Confederate General Stand Watie was born near Rome, Georgia. He was the son of a full-blooded Cherokee chief and a half-blooded White/Cherokee mother. Watie was part of the Cherokee tribe that voted to move to the Indian Territory. Watie survived the tribe’s Trail of Tears march in the 1830s and became the only Native American to achieve the rank of general during the Civil War.
Stand Watie – Early Civil War Years
Watie was the Colonel of the 2nd Cherokee Mounted Rifles in the Battle of Pea Ridge or Elkhorn Tavern where they took Union artillery and covered the Confederate retreat at the end of the end of the three day battle. Watie would later lead his Cherokee at the First Battle of Cabin Creek in 1863 and then on the raid that took the Union steamboat J.R. Williams in 1864.
Stand Watie – Promotion to Brigadier General and Later Civil War Years
Also in 1864, Watie was promoted to Brigadier General and put in command of a brigade of native American troops comprised mainly of Cherokee, but also of other tribes from the Indian Territory (present day Oklahoma). Watie was most famous for the Second Battle (or Raid) of Cabin Creek in northeastern Oklahoma where Watie’s unit raided a Union supply shipment that severely disrupted Union operations in the area. BG Stand Watie was also notable as being the last Confederate General to surrender at the end of the Civil War.
Brigadier General Stand Watie is a good reminder that American History is not nearly as clear cut in terms of identities, alliances, and allegiances as some would try to make us believe.
Try Oklahoma State Route 82 from around Vinita to Vian to sample the area of operations that Watie worked in. To see the ground of the Second Battle of Cabin Creek, turn west onto Oklahoma State Route 28, near Langley, and go to Pensacola, OK, you will find the battlefield about 3 and a half miles north of Pensacola. The battlefield is near Pensacola, OK. It might make a good ride out from Tulsa, OK (~60 miles), Bentonville, AR (~70 miles), University of Arkansas (~85 miles) or maybe a longer ride from Branson, MO (~150 miles), if you happen to be in any of those places.
By the end of 1861, the Union forces had secured Missouri by routing the Missouri militia that favored secession. In early 1862, the Union commander, General Samuel Curtis moved his Army of the Southwest into northwest Arkansas to take the fight to the Confedrates and secure Missouri from Rebel cross border incursions.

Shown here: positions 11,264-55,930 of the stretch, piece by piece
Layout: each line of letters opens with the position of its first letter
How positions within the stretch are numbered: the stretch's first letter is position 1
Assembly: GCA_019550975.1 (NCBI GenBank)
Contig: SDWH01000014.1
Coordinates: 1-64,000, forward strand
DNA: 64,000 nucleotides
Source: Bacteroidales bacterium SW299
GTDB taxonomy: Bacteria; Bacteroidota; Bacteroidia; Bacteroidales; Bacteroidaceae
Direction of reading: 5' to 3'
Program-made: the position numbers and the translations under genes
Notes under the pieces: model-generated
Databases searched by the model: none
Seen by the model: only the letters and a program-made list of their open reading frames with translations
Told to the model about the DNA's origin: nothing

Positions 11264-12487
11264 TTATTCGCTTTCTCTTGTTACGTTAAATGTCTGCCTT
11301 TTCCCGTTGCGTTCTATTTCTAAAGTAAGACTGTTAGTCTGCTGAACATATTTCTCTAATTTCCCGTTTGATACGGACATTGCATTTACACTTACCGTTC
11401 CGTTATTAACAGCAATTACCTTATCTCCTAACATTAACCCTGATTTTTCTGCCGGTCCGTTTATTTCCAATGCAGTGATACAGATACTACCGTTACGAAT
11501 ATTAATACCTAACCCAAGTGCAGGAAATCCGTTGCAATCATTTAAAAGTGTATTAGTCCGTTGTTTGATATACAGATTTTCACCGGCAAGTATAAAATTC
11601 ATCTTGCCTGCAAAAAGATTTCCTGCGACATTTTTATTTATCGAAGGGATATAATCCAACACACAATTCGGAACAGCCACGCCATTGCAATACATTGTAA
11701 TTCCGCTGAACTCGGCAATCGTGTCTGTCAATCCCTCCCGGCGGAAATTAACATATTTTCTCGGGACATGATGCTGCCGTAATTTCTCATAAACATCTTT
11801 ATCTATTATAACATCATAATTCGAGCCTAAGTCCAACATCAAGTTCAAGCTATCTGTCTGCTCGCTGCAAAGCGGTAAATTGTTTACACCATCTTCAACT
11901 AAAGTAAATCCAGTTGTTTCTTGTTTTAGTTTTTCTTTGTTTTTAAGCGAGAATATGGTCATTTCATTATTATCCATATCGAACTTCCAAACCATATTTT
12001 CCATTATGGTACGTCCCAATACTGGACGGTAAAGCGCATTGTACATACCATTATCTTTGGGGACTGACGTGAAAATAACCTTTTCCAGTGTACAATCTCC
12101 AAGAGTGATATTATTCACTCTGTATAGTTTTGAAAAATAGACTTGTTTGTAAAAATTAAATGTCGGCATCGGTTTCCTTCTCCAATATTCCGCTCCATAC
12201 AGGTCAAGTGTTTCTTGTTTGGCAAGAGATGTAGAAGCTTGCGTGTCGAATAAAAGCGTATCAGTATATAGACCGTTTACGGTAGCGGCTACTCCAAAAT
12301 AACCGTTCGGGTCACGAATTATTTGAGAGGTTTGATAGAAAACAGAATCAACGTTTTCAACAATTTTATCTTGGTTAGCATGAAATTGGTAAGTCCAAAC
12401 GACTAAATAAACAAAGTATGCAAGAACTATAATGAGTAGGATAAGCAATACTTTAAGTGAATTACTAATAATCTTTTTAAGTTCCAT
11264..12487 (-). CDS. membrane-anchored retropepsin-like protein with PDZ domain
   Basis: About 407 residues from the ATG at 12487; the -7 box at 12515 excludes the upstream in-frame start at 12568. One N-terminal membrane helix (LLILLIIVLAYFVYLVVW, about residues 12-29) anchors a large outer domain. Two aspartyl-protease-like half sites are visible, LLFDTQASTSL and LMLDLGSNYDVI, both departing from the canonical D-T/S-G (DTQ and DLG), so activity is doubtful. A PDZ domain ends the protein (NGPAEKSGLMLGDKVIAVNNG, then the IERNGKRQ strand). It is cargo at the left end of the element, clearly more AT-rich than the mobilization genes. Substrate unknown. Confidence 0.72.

Newly appointed Confederate Army of the West commander, General Earl Van Dorn decided to take his numerically superior, but logistically inferior forces to the northwest of Arkansas and push the Union back onto the back foot in both Arkansas and Missouri.
After several skirmishes in February and early March, 1862, Curtis settled on favorable ground to the east of Pea Ridge, Arkansas. Van Dorn knew it was a good position, so decided to split his forces in an attempt to draw Curtis into a weaker position.
Battle of Pea Ridge or Elkhorn Tavern
On day one of the battle, Curtis took the north and west of the position by heading off a flanking movement. The day was carried by the quick movement of the Union forces, the loss of two Confedrate Generals and the capture of a Colonel. Van Dorn led the other Confederate column to take the south and east near Elkhorn Tavern. On day two, Curtis regrouped and attacked Elkhorn tavern with heavy artillery support. Van Dorn held the position but at a tremendous cost in casualties and ammunition and eventually had to retreat and leave the position to Curtis.
The Union continued to hold the area and the strategically important state of Missouri for most of the rest of the war.
Side note: One of the Confederate leaders at Pea ridge was Stand Watie who commanded the Cherokee Mounted Rifles. Watie was a pro-treaty Cherokee who had survived the Trail of Tears move from the Carolinas/Tennessee/Georgia homelands to the Indian Territory (Oklahoma). Watie would later be promoted to Brigadier General and become the only Native American General on either side of the Civil War. After Pea Ridge, Watie commanded a brigade of Native Americans for the Confederacy. He and his troops participated in many battles and campaigns for the South.
Motorcycle Ride Recommendation
Begin or end your ride with the online tour of the battlefield. Outside of the Pea Ridge Battlefield National Military Parkpark take a through the loop ride through the Hobbs State Park and around Beaver Lake.
Photo Credit: By Kurz and Allison [Public domain], via Wikimedia Commons